Webly revolvers from the late 1800s which were confiscated from a 61-year-old man in West Cork are to be sent to the National Museum of Ireland instead of being destroyed.
Earlier this week at Cork Circuit Criminal Court an order was made for the destruction of the weapons seized from Czech national, Jan Walowy, who pleaded guilty to four firearms offences
Mr Walowy pleaded guilty to three counts of unlawfully possessing three different Webley revolvers at his home in Molaga Street, Clonakilty on January 21st of this year.
He also pleaded guilty to a fourth count of possessing twelve rounds of .455 ammunition also at Molaga Street, Clonakilty on the same date. All charges were contrary to the Firearms Act 1964, as amended.
The court heard that the factory worker, who sends money home to the Czech Republic to one of his two children, was of extremely limited financial means. He is without previous convictions.
Mr Walowy had claimed that he found the revolvers in a sealed container onside a black plastic bag on the foreshore in Clonakilty.
Judge Helen Boyle heard that the revolvers were legally defined as firearms. One was rusted and beyond use but two of them were capable of firing shots.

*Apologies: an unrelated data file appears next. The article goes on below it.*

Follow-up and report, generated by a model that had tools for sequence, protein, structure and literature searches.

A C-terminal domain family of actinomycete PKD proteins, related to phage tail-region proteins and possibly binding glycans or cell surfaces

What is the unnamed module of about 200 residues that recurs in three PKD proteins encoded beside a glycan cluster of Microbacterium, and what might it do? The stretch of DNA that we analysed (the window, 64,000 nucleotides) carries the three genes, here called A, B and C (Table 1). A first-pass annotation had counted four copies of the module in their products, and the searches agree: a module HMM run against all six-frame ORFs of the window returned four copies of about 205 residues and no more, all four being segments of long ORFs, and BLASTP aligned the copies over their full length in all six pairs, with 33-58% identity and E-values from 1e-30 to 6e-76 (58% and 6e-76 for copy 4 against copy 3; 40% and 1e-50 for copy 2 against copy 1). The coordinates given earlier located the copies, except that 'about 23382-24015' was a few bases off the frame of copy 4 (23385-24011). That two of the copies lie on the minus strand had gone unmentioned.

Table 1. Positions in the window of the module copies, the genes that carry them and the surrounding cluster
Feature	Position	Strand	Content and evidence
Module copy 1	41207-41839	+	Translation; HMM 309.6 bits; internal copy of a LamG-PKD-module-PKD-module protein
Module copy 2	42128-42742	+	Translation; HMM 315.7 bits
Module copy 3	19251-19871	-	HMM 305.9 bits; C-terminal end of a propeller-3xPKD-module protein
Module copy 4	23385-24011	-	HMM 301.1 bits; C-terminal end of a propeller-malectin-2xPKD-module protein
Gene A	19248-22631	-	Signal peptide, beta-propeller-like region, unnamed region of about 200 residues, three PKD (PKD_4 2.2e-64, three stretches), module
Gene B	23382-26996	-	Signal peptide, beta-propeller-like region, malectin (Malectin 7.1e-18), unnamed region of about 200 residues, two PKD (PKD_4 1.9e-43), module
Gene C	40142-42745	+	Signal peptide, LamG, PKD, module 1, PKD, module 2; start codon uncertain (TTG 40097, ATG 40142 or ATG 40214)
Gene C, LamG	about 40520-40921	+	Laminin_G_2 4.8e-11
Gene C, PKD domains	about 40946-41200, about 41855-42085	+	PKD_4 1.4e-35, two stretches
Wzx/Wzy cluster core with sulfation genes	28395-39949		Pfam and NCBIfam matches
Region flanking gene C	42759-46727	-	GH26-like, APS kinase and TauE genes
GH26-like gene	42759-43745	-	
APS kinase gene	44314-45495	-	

Sgt Kevin Long told Judge Boyle that Mr Walowy had taken the weapons out to show friends when he was under the influence of alcohol.
He pointed a revolver containing bullets at one friend. However, there was no evidence of the revolvers being fired.
When gardaí arrived at the scene he told them to check a liquid in a bottle because he feared he was being poisoned. He was in a paranoid state.
Judge Boyle imposed a three-year suspended sentence in the case. A destruction order for the weapons was put in place.
However, Prosecution barrister Brendan Kelly has now said that the weapons will go to the National Museum of Ireland after they expressed interest in having them in their possession.
The order has been changed to allow the weapons to be sent to the museum.
The Webly Revolver was, in various marks, a standard issue service revolver for the armed forces of the United Kingdom, the British Empire and the Commonwealth, from 1887 to 1970.